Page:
ABS chairman, president and CEO Christopher Wiernicki said: “Owners of internationally trading ships are facing increasingly complex investment decisions as they try to navigate the most efficient course to the low-carbon future, which is why ABS has moved to simplify the landscape by identifying three fuel pathways potentially open to shipping.”
The first pathway identified by ABS is called ‘Light Gas’. It uses generally light, small molecule fuels with high energy content but more demanding, mainly cryogenic fuel supply systems and storage.
The group includes a relatively mature methane solution, leading towards bio-derived or synthetic methane, and ultimately, to hydrogen as fuel.
LNG can reduce greenhouse gas (GHG) emissions by approximately 20%. Bio-methane can be carbon neutral while hydrogen is a zero-carbon fuel.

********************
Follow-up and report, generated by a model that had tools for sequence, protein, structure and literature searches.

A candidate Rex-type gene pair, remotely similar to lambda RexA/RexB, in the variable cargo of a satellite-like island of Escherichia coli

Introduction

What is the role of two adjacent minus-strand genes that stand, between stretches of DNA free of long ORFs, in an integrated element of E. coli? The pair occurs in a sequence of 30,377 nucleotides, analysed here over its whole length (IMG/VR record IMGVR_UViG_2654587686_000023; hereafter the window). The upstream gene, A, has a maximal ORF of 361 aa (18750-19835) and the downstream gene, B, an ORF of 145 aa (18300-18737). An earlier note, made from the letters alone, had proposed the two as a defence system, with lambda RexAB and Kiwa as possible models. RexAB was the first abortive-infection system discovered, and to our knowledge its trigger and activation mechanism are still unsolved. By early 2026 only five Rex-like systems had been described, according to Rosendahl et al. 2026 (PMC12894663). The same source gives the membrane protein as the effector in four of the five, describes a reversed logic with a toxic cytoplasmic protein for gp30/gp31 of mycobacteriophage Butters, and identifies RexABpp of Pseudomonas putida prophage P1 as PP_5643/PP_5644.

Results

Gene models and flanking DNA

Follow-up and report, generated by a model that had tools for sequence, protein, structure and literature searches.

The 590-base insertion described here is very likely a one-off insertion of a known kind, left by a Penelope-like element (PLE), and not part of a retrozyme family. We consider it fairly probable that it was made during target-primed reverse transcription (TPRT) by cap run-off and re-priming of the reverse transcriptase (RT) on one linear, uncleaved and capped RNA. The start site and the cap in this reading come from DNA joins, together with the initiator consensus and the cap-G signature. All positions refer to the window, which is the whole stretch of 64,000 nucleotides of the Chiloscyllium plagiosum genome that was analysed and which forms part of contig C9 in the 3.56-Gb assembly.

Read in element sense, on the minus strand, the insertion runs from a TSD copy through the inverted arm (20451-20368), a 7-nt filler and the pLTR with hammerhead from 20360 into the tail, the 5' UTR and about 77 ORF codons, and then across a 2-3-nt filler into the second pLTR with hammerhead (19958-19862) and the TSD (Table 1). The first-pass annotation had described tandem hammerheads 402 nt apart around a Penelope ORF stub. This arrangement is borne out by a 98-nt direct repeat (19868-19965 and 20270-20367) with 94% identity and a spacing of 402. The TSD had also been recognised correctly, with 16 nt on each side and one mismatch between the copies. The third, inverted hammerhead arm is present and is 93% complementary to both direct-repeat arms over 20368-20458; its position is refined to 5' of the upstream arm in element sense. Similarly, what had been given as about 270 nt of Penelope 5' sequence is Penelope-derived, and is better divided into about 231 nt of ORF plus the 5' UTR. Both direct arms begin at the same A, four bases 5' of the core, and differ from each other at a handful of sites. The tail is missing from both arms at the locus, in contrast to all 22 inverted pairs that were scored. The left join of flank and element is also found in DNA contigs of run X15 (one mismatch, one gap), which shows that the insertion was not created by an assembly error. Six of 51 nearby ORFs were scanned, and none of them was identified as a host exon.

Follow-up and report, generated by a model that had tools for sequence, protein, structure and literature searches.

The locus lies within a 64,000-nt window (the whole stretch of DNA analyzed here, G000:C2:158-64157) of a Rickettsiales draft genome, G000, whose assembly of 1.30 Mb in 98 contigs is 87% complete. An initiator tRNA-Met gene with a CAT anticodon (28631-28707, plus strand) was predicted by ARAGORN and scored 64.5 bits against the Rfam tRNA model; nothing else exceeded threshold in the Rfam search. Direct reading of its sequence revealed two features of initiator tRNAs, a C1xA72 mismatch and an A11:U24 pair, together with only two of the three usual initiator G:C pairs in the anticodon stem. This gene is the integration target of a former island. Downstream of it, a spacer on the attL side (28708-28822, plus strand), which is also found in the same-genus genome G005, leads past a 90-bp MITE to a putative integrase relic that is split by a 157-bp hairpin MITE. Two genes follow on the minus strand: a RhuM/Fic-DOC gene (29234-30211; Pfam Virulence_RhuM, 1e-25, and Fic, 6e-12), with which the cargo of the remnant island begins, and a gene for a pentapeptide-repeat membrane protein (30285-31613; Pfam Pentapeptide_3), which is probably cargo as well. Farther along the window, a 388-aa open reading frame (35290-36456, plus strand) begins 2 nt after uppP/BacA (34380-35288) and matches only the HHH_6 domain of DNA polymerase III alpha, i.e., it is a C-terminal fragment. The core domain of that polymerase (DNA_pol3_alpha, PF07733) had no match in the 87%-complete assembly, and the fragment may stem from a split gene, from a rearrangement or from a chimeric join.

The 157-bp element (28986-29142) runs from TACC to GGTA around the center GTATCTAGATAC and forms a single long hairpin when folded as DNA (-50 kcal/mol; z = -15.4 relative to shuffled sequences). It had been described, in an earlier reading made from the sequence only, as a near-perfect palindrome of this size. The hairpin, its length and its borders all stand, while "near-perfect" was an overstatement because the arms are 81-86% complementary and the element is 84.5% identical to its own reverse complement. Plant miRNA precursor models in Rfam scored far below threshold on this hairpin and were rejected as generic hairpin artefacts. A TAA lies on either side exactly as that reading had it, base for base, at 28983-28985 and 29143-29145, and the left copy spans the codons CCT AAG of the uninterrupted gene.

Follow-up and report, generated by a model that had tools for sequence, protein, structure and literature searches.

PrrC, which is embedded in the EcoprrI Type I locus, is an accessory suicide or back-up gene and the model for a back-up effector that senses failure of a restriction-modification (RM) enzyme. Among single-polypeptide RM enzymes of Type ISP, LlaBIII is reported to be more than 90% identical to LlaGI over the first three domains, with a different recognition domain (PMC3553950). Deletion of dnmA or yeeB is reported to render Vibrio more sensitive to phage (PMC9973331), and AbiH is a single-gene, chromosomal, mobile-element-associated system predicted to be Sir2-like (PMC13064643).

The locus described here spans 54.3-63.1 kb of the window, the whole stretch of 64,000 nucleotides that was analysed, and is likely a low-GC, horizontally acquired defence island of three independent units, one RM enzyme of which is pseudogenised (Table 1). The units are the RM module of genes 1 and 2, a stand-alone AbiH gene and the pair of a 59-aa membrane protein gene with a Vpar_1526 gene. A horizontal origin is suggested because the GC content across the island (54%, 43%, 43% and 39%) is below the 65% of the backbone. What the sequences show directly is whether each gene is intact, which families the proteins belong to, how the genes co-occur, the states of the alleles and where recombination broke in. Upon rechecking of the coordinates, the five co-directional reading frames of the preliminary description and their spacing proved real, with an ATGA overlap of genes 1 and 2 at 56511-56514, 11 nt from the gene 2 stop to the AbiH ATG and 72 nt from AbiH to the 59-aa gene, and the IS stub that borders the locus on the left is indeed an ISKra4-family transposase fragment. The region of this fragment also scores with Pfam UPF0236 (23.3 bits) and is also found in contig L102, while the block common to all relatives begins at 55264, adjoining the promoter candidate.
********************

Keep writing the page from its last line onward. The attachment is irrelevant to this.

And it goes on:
While Hydrogen is viewed as an optimal solution, it requires major technical advances to put it into practice. Wiernicki said it may even take a decade or more.
The second pathway is defined as ‘Heavy Gas’. It includes the use of generally heavier, more complex molecules but with less demanding fuel supply and storage requirements than the light gas pathway.
14 October | Cybersecurity
Three Carnival cruise brands affected by cyberattack
Carnival Corporation has revealed that the cyberattack that occurred in August affected three of its brands and casino operations.
The three affected brands are Carnival Cruise Line, Holland America Line, and Seabourn .
In August, the company identified unauthorised third-party access in parts of its information technology systems.